POTOSI, Mo.—One after another, the condemned men arrive.
Usually, this spartan room — deep inside the concrete-and-razor-wire fortress that is Potosi Correctional Center, Missouri's maximum-security prison — is used for parole hearings. But on this day, five CPs (capital punishment offenders) have agreed to be interviewed.
These are men who live in the shadow of death, even as shadows hang over the death penalty itself. While a majority of Americans still favor executions, polls show a dip in support — perhaps because death-row prisoners have been proven innocent by DNA tests, or because of doubts about whether methods of execution are humane.
The debate, not surprisingly, reverberates on death row, but in a very personal way. Every day, these men struggle with the knowledge of how — though not when — they are likely to die.
They tell their stories, they share their fears.
And as they do, a staff sergeant watches their every move.
Jeffrey Ferguson worries who will care for his aging parents. It won't be him.
He's next in line to be executed, for a 1989 murder he doesn't remember.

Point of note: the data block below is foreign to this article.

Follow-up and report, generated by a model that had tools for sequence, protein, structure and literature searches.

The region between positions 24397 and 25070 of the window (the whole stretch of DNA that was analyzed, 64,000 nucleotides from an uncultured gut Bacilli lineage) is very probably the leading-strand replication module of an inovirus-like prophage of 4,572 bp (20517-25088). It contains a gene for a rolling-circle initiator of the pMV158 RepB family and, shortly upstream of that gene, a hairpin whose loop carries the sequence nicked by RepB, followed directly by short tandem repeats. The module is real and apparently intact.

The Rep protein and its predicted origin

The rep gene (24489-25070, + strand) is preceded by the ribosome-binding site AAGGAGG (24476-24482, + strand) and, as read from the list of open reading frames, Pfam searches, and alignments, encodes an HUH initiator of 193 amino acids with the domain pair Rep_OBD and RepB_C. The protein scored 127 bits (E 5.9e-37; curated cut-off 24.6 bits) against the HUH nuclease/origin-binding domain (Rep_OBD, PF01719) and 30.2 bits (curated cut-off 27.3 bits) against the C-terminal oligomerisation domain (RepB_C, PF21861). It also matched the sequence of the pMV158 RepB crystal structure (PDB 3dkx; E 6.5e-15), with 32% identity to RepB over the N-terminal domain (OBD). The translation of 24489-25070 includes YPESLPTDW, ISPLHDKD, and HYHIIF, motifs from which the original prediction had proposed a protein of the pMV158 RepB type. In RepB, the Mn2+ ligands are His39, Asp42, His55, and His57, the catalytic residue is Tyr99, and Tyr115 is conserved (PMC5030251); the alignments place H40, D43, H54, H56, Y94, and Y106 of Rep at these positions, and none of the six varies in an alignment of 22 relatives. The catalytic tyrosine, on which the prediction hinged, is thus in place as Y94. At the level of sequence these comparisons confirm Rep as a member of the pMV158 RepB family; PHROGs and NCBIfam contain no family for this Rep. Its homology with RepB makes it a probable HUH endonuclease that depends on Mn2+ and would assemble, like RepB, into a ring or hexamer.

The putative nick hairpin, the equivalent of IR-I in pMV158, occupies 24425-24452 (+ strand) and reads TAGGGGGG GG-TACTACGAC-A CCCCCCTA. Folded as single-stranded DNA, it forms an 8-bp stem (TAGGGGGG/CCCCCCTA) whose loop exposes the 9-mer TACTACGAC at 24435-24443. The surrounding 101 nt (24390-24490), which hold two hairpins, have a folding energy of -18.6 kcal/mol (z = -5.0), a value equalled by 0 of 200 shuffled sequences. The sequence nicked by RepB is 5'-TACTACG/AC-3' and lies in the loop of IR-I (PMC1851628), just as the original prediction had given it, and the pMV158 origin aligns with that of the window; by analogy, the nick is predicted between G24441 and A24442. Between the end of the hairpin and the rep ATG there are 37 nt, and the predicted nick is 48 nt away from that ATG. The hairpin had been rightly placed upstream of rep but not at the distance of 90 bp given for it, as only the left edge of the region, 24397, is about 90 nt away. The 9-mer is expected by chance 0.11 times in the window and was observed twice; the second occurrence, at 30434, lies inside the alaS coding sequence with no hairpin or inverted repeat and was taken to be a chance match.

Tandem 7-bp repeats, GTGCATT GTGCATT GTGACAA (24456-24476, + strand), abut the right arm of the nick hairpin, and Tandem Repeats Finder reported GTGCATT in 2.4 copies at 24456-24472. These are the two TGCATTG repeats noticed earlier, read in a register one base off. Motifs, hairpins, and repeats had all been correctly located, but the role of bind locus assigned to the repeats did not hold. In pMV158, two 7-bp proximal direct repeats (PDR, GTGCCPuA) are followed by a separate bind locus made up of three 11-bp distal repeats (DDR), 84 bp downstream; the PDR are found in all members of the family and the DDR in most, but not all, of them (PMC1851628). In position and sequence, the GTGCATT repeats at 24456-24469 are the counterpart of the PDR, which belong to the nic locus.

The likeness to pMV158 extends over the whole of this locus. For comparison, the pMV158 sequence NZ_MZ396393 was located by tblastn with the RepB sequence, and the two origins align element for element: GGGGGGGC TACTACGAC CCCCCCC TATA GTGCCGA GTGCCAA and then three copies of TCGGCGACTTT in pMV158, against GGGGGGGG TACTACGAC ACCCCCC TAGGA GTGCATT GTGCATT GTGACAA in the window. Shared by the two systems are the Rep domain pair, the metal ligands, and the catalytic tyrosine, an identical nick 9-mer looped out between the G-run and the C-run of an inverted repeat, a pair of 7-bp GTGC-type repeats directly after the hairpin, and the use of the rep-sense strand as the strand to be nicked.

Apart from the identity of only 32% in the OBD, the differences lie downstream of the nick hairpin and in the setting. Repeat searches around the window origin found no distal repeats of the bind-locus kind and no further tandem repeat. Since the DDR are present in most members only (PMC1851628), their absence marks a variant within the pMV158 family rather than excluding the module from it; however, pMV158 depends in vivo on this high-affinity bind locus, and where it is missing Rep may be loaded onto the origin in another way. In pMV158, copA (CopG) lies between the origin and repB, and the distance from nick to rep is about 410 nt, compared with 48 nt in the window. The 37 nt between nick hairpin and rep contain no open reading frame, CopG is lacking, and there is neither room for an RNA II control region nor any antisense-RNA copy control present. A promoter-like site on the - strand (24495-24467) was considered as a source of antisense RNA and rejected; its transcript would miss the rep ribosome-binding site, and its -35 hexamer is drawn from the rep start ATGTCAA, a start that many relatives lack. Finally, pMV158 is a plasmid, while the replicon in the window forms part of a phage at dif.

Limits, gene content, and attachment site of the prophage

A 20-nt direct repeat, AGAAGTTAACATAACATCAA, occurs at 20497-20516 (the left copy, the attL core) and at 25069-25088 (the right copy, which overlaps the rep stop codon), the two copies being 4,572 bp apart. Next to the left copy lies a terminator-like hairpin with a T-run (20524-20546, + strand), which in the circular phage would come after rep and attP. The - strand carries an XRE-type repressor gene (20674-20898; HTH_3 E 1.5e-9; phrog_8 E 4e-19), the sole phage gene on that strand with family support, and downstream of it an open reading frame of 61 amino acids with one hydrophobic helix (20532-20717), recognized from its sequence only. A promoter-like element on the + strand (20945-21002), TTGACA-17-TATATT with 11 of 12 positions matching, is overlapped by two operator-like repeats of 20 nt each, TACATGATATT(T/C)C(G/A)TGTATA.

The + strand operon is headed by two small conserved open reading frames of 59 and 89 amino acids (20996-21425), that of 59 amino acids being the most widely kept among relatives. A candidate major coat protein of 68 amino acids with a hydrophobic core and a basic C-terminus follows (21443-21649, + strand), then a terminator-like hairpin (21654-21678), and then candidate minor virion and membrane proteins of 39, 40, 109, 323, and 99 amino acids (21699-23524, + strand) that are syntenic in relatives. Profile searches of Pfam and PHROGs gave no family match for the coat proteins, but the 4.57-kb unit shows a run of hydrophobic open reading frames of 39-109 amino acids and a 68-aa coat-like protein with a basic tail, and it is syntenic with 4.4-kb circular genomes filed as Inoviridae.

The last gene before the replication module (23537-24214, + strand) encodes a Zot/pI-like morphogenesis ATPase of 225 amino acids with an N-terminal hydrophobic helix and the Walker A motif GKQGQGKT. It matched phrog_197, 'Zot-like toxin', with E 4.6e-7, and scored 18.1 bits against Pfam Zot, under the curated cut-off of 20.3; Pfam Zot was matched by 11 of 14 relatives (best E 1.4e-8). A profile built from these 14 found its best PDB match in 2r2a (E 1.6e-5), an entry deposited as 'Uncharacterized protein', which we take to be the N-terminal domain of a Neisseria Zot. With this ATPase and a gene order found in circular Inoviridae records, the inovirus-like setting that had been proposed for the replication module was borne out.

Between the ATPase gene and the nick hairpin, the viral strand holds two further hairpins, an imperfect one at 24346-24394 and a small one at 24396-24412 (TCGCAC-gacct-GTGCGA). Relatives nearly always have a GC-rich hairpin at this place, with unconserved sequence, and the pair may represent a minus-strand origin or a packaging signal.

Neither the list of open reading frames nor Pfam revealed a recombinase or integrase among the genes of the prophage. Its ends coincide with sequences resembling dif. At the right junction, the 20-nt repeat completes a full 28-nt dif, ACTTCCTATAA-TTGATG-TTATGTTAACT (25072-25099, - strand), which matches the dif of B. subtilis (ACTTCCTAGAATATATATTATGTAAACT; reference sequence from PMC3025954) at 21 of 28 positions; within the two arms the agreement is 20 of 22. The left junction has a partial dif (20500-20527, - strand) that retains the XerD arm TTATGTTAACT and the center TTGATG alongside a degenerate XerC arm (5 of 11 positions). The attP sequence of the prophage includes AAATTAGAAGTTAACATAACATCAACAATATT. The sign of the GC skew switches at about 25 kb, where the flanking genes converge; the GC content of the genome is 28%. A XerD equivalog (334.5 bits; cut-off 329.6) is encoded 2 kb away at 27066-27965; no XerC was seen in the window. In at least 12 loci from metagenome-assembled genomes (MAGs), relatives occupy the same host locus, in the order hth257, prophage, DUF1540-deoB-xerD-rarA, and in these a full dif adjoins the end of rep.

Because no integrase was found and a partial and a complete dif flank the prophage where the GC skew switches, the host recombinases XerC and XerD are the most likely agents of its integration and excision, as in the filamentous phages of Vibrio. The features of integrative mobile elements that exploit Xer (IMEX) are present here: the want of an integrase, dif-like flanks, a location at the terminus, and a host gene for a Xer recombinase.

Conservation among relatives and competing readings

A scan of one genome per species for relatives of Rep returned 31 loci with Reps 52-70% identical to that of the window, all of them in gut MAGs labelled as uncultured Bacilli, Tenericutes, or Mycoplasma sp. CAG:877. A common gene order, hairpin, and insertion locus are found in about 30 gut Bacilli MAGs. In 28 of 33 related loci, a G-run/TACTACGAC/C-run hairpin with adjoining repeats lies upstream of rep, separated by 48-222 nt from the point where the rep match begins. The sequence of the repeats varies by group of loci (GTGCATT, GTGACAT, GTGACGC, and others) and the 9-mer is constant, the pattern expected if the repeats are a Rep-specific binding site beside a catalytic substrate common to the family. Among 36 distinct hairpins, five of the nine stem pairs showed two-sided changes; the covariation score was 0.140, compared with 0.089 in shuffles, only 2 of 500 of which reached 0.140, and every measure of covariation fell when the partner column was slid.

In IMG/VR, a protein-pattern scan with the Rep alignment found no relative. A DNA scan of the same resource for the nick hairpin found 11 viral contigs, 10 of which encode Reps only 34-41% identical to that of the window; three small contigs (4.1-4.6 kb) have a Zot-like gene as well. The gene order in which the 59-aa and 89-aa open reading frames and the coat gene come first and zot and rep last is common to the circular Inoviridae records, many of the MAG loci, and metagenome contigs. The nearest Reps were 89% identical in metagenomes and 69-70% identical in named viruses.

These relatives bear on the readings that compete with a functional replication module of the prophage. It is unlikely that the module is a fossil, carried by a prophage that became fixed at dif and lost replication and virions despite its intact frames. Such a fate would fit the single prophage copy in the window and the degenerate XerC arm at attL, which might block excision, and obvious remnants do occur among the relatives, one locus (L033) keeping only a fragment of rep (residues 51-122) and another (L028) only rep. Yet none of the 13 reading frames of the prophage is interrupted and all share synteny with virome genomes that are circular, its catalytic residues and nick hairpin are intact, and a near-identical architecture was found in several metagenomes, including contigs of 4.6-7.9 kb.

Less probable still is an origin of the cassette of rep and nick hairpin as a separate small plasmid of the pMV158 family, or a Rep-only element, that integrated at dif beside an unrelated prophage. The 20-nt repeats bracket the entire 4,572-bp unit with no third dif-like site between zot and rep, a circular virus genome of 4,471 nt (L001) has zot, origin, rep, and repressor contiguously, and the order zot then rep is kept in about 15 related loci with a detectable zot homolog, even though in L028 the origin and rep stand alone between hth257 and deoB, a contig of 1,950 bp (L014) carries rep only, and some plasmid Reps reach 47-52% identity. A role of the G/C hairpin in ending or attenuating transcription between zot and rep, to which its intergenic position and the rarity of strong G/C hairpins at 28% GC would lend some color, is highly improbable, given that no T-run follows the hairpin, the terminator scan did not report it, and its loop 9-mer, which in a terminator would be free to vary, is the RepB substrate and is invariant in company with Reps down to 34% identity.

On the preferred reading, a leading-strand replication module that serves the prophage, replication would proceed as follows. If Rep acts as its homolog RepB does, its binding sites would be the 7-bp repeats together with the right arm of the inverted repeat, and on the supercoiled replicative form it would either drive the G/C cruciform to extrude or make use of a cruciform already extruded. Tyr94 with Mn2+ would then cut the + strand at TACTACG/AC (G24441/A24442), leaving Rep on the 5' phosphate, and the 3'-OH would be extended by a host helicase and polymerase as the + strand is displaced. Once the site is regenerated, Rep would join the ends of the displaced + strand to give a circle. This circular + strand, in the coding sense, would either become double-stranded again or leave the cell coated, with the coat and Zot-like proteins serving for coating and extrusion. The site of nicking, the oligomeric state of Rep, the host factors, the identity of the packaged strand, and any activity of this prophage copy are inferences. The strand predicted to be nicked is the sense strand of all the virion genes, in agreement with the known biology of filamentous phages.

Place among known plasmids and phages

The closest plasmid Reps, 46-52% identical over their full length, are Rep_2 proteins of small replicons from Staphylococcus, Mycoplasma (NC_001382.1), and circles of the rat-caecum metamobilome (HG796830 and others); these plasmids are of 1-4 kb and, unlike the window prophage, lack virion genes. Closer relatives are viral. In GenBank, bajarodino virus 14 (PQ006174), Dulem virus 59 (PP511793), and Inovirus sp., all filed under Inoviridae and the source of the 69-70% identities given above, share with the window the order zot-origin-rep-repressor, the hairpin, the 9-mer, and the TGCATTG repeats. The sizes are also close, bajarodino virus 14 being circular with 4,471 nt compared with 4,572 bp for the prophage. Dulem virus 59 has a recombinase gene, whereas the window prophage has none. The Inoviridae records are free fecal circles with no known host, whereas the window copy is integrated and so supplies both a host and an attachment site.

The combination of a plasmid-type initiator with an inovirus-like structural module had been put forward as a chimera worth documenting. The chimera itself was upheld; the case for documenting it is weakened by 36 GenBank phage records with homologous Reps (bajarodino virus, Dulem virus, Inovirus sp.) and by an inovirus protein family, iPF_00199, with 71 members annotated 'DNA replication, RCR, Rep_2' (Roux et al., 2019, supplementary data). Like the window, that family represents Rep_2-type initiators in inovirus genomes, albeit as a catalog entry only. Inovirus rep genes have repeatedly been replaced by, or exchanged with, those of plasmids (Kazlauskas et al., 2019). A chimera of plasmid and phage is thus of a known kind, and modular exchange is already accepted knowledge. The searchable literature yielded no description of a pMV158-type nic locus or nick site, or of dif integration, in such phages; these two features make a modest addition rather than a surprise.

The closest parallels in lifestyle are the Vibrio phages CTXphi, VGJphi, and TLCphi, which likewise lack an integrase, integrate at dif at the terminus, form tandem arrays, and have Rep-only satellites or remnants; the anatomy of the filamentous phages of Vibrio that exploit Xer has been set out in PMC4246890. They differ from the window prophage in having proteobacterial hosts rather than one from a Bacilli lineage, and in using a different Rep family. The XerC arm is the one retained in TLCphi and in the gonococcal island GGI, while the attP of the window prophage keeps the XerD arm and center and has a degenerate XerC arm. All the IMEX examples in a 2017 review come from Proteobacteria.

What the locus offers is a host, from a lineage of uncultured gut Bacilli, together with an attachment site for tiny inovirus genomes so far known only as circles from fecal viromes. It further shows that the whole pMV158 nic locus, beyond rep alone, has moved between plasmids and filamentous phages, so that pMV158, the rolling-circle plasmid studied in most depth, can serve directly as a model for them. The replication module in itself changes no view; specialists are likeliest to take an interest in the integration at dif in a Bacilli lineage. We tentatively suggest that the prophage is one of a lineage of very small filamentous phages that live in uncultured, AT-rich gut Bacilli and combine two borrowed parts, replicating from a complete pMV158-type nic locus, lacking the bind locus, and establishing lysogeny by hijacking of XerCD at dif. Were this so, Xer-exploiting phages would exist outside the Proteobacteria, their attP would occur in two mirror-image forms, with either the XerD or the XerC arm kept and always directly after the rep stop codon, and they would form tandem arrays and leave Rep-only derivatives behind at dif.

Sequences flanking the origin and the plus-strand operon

Back then, he'd drink until he was unconscious — a case of beer a day, some vodka. Add a little cocaine. He'd been drinking heavily since his days in the Army in Europe. But he ran a business, and didn't own a gun.
"The night of the crime I don't remember going out with these guys," he says. "I don't know how I got back from there. All I know is somewhere along the way we picked up a girl and killed her for whatever reason."
He's not guilty of first-degree murder, he insists — he was an alcoholic, and out of it. But those days are long gone; the man who described himself as "Happy-Go-Lucky Jeff" was sobered and shaken by the death sentence.
"I've gone through ALL the stages," he says. "Anxiety attacks. I couldn't sleep. I didn't think of anything else, but I gave it to God finally, completely. It takes years."
He says he came to terms with dying, and life after death. Now, he's just waiting for an execution date.
He is 52 years old. He tries to console his parents, his ex-wife, their two children and three grandchildren.
"I've hurt a lot of people by my actions. I've had to forgive myself ... or I'd keep reliving this, and that's a sin too. So, there's a lot of suffering going on."
Since arriving at Potosi in 1992, he's seen dozens of friends and acquaintances taken away to be executed. Some, he believes, were innocent.